My favorite poem was basically written by the one-legged pirate, Long John Silver. What’s worse, my favorite poem was also the favorite of Timothy McVeigh, infamous building-bomber-baby-killer, who went so far as to quote it just before leaving this world by lethal injection in June, 2001. I remember thinking that McVeigh was about to meet the true captain of his soul. I remember wishing that “Invictus” by William Ernest Henley, the real-life inspiration for Treasure Island’s antagonist, wasn’t my favorite poem. But still, it is.
Don’t go. Stay with me.
I can still picture my 8th grade English classroom, and the balding, feather-haired, doughy teacher who introduced “Invictus” to me. A muted man, I hardly remember a thing about his character, but I do remember the feeling of being broadsided by the power of words. It was the first time I loved words enough to write them on my heart. Perseverance was my only prince back then: the only strength I knew, and “Invictus” was the portrait of my prince.
Henley ascribes his “unconquerable soul” to “whatever gods may be.” This too, was me. I could have written that poem, had I been so gifted. And– agnostic I remained until I was 27, until my own strength failed me for the straw-that-broke-the-camel’s-back time, and I dived into a faith that has held me ever since.
Poor Henley. How he inspired 8th-grade-me and so many others. Yet he most likely died, not knowing how strong he could have been.The strongest we can ever be, we can only be after admitting our weakness– at least once. The moment I acknowledge my limit, God pushes it way beyond my wildest imaginings. That’s what Henley never knew, though he had an iron will.
A broken bone heals stronger than the original bone. Henley never broke.
Henley had reason to call this life “a place of wrath and tears.” When he was 12 years old, his father died. As if that weren’t enough, Henley developed tuberculosis and had to have his foot amputated. “Invictus” was written as he lay in the hospital, in the agonizing phantom pain that plagues amputees. His remaining foot was in jeopardy of being amputated as well, but Henley wouldn’t have it.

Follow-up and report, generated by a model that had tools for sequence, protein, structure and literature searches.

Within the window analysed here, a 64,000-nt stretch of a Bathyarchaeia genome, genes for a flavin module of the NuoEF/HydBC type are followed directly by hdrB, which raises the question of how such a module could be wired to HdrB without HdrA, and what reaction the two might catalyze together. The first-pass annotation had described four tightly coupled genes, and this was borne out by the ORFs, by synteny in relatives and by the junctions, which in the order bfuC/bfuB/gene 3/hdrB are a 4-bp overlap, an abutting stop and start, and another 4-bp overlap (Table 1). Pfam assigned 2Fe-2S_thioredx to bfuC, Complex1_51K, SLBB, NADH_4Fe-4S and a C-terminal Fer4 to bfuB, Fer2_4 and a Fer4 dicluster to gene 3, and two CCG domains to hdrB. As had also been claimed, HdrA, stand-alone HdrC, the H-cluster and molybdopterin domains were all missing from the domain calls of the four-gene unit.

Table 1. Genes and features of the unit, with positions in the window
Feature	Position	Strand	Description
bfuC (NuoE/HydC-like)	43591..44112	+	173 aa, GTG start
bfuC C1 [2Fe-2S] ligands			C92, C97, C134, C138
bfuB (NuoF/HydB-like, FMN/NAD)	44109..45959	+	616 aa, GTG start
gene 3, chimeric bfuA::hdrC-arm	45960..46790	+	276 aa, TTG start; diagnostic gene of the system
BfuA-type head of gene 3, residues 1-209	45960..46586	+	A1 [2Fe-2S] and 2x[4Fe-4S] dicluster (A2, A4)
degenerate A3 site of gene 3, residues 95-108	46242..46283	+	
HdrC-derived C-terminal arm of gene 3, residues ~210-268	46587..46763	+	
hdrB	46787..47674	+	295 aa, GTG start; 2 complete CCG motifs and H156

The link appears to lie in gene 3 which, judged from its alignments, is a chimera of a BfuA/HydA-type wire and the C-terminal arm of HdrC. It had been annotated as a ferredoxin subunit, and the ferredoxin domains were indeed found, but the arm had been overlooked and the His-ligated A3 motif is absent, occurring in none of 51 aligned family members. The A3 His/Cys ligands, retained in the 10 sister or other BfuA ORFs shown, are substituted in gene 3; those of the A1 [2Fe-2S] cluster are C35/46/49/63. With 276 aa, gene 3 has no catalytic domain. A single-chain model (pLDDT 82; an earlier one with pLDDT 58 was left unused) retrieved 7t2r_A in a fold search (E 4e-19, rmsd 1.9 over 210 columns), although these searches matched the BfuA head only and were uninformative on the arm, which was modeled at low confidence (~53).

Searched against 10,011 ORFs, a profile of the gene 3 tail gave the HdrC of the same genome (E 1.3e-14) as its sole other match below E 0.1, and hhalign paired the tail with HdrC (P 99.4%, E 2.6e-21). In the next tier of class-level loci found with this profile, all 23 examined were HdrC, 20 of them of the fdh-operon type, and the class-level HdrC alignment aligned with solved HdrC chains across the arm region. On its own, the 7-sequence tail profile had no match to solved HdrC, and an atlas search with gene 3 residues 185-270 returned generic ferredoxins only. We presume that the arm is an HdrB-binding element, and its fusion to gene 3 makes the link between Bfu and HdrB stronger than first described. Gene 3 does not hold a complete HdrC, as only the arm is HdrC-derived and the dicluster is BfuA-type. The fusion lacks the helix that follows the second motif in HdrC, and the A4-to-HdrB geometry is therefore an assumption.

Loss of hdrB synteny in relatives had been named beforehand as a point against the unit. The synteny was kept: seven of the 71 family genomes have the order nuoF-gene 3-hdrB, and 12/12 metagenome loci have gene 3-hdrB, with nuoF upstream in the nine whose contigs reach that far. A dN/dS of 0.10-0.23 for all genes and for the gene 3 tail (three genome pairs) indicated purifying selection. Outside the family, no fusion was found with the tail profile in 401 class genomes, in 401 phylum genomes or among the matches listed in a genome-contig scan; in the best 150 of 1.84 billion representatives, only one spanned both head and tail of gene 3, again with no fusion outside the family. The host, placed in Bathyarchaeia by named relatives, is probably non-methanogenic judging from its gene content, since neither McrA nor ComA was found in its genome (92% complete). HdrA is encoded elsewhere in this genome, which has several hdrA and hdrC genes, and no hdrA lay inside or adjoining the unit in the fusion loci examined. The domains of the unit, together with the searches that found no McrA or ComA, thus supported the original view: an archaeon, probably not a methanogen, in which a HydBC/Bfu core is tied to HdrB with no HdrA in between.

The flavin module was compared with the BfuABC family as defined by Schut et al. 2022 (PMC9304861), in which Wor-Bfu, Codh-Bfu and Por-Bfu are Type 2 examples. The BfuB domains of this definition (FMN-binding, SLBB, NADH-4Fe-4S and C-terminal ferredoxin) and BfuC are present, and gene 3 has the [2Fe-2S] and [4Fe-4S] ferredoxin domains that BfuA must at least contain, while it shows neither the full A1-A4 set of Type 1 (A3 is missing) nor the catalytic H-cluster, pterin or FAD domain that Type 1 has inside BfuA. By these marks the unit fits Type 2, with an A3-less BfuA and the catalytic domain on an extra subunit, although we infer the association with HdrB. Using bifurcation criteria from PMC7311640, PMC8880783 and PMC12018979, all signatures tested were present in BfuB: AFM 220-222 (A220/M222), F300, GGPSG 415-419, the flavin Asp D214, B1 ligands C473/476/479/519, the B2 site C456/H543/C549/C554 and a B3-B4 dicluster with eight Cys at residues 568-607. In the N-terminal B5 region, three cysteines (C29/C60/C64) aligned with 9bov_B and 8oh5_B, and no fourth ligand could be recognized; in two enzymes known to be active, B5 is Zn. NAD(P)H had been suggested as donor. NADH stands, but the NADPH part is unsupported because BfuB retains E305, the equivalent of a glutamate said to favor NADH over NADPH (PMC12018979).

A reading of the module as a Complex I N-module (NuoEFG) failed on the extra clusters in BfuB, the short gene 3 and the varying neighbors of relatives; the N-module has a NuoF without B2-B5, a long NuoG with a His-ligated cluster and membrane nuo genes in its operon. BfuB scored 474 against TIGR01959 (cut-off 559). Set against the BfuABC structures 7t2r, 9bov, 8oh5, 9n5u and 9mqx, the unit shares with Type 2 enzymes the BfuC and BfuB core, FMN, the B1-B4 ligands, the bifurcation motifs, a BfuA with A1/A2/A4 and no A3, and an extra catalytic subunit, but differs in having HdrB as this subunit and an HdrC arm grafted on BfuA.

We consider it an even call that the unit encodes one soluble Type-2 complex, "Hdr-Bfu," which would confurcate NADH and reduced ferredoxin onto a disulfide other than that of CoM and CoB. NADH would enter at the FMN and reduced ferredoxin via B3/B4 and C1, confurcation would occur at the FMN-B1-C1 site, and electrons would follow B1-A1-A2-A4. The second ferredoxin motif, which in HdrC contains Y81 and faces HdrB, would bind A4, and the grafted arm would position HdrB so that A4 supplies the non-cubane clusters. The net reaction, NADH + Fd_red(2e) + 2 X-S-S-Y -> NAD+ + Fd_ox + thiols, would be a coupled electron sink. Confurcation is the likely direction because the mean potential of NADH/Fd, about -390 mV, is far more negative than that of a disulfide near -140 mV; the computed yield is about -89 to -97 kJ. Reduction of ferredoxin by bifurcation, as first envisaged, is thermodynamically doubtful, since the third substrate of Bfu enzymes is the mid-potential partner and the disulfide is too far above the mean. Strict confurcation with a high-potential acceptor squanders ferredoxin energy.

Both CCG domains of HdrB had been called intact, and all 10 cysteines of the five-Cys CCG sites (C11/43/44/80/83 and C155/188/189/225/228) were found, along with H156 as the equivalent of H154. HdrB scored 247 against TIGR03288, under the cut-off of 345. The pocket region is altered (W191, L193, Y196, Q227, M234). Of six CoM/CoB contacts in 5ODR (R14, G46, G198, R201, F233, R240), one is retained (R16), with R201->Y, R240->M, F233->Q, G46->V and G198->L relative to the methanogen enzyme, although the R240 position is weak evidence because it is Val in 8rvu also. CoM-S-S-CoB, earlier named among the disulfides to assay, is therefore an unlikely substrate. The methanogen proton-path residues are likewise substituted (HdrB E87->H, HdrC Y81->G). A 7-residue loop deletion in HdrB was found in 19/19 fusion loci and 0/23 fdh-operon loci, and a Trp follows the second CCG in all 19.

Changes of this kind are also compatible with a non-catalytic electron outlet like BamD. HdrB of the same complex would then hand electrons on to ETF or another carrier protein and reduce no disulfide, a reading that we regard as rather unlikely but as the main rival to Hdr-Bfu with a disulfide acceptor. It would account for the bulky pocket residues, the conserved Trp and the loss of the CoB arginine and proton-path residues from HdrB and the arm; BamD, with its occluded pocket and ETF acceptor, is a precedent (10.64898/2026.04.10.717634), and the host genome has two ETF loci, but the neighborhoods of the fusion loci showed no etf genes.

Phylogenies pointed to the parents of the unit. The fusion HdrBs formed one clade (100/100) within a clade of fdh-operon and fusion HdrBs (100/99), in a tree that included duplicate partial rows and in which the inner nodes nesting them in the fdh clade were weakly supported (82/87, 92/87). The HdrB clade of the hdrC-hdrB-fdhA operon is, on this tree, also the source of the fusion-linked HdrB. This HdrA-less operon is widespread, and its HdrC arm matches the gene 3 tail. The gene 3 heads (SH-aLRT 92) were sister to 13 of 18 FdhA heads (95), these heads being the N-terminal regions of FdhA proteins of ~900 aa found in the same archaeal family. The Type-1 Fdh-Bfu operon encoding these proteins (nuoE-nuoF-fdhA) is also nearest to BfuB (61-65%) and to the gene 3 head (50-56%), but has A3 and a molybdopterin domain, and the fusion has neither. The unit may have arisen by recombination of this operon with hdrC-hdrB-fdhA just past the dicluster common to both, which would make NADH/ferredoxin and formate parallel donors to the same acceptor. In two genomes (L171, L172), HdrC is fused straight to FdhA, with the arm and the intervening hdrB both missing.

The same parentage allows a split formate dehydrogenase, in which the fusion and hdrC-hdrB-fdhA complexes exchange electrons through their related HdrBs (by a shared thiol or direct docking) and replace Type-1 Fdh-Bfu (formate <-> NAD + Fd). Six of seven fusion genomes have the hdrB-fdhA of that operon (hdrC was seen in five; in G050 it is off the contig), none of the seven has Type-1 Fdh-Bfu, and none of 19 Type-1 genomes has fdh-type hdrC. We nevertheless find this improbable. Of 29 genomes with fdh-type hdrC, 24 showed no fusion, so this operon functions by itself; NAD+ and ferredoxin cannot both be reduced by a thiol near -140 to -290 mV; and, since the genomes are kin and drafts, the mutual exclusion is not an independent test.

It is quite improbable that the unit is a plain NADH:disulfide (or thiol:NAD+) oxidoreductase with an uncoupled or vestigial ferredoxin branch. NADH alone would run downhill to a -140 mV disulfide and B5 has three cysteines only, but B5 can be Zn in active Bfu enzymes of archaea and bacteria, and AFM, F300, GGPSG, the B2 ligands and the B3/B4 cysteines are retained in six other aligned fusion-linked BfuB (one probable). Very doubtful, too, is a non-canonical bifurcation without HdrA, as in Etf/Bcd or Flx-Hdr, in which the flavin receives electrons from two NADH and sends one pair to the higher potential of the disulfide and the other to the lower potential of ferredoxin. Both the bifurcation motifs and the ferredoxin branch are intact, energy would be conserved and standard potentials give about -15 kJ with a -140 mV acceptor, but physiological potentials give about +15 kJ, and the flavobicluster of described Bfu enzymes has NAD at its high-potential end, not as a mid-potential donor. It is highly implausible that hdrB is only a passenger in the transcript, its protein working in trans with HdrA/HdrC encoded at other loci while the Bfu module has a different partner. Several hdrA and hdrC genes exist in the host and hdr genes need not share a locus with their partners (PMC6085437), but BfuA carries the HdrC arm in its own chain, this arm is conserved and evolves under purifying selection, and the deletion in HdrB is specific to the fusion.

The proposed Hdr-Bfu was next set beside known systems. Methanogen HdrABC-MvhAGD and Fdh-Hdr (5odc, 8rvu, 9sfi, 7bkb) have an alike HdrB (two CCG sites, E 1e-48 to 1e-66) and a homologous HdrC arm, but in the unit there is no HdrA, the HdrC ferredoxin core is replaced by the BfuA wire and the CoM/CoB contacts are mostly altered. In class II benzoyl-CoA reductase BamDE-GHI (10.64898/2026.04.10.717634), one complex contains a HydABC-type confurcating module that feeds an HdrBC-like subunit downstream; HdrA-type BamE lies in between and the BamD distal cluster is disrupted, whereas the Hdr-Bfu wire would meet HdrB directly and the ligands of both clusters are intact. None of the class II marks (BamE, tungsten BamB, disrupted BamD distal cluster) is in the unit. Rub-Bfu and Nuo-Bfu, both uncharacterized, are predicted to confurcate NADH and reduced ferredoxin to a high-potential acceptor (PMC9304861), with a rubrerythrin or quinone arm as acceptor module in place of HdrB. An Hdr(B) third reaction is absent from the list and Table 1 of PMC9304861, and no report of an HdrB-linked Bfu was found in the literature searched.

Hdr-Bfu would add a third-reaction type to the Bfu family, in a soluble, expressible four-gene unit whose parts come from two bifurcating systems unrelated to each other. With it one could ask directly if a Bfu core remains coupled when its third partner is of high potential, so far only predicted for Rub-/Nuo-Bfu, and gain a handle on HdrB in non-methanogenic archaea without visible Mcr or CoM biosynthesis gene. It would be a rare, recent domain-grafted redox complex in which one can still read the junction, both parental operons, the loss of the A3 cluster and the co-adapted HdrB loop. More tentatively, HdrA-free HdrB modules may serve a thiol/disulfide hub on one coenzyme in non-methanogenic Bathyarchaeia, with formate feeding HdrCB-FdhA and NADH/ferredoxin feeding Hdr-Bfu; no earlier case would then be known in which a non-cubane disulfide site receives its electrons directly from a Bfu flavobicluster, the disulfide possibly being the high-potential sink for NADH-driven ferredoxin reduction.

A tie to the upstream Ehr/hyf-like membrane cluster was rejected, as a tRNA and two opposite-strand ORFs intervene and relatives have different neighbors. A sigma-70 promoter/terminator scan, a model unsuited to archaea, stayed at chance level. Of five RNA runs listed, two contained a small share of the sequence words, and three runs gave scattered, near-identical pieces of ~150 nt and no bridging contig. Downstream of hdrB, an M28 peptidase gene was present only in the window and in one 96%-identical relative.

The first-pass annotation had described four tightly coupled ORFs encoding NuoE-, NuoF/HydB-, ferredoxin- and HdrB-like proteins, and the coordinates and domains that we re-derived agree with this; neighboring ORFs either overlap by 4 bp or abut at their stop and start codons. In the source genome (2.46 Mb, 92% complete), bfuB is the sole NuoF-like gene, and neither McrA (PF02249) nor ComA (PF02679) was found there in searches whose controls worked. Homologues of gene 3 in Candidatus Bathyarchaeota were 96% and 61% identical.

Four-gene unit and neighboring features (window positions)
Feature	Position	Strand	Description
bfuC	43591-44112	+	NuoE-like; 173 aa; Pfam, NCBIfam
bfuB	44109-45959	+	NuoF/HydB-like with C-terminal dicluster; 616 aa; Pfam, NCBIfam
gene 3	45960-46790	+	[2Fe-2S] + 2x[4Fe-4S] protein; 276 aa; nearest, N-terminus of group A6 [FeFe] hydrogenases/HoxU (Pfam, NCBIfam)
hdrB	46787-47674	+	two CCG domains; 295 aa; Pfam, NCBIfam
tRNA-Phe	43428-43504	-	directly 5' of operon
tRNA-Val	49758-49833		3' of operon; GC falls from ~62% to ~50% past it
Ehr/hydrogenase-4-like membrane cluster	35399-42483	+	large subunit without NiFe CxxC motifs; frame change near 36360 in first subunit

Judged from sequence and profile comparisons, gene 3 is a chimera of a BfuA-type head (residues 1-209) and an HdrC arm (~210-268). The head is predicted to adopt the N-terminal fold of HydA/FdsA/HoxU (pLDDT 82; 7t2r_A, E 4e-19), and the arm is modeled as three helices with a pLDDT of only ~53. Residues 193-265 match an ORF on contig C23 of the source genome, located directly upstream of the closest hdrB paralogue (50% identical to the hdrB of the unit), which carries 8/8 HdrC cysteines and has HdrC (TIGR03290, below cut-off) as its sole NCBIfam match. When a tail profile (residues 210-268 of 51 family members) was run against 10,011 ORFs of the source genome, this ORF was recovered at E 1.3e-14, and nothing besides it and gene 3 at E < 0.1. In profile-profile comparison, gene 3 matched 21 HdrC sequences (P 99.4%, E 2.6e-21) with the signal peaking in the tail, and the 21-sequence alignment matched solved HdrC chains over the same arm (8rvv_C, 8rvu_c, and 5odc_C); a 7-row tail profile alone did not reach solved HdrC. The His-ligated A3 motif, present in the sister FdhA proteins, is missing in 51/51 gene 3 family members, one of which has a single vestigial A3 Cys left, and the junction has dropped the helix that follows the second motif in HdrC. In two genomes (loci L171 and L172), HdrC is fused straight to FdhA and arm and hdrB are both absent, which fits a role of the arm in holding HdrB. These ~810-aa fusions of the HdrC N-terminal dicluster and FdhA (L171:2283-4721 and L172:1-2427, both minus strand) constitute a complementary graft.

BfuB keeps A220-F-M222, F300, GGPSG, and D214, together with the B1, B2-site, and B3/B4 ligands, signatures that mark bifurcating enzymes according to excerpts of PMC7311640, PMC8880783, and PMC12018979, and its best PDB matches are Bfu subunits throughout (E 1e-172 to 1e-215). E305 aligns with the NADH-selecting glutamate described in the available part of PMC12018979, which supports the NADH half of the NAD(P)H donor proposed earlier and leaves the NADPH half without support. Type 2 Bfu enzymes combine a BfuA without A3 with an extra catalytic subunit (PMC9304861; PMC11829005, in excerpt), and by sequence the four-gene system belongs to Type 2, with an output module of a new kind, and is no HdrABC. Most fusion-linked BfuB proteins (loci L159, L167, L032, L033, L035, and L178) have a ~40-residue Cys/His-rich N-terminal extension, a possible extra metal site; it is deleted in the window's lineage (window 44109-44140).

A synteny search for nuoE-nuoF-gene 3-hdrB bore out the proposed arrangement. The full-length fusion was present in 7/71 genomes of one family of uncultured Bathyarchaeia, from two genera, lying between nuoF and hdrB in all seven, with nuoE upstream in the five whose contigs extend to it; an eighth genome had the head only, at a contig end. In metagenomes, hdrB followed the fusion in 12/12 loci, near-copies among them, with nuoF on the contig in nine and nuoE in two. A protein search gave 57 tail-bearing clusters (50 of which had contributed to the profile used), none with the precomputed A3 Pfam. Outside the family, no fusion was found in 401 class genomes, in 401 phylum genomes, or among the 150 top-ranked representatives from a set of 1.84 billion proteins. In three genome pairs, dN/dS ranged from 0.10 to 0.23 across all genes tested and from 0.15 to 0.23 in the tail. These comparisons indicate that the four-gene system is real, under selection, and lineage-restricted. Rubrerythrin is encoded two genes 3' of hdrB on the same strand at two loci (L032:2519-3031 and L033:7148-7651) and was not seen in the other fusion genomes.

Just “how charged with punishment [were] the scrolls” for Henley? More than most of us can imagine. I don’t know about you, but I wish, when in my own shallow ruts of despair, that I could be half the person Henley was in that Mariana trench experience of losing a foot and a father.
When Henley speaks of life’s “bludgeons,” he’s not being theoretical.
So that’s it. Henley, in one sense, is my hero. In another, I pity him. I no longer agree with many of the notions in “Invictus.” I don’t think it all resides in me. I know that God is completely in charge of my ever-so-conquerable soul. I still hope to have an unbowed head–if it must be bloody– but a deeply bowed soul in the presence of my Lord and Savior.
Nelson Mandela drew strength from “Invictus” while in jail and passed it on to his fellow inmates. Later, he motivated the South African Rugby team with its empowering lines. I still love “Invictus” for its message of strength, but I now know the name of that strength: Jesus. He is my strength, my shield, my everlasting hope.
I wish Timothy McVeigh didn’t like my favorite poem.
But think about this: Hitler liked tea parties.
Out of the night that covers me,
Black as the pit, from pole to pole,
I thank whatever gods may be
For my unconquerable soul.
In the fell clutch of circumstance
I have not winced nor cried aloud.
Under the bludgeons of chance
My head is bloody, but unbowed.
Beyond this place of wrath and tears
Looms but the horror of the shade,
And yet the menace of the years
Finds, and shall find, me unafraid.
It matters not how straight the gate,
How charged with punishments the scroll,
I am the master of my fate,
I am the captain of my soul.
— William Ernest Henley, 1888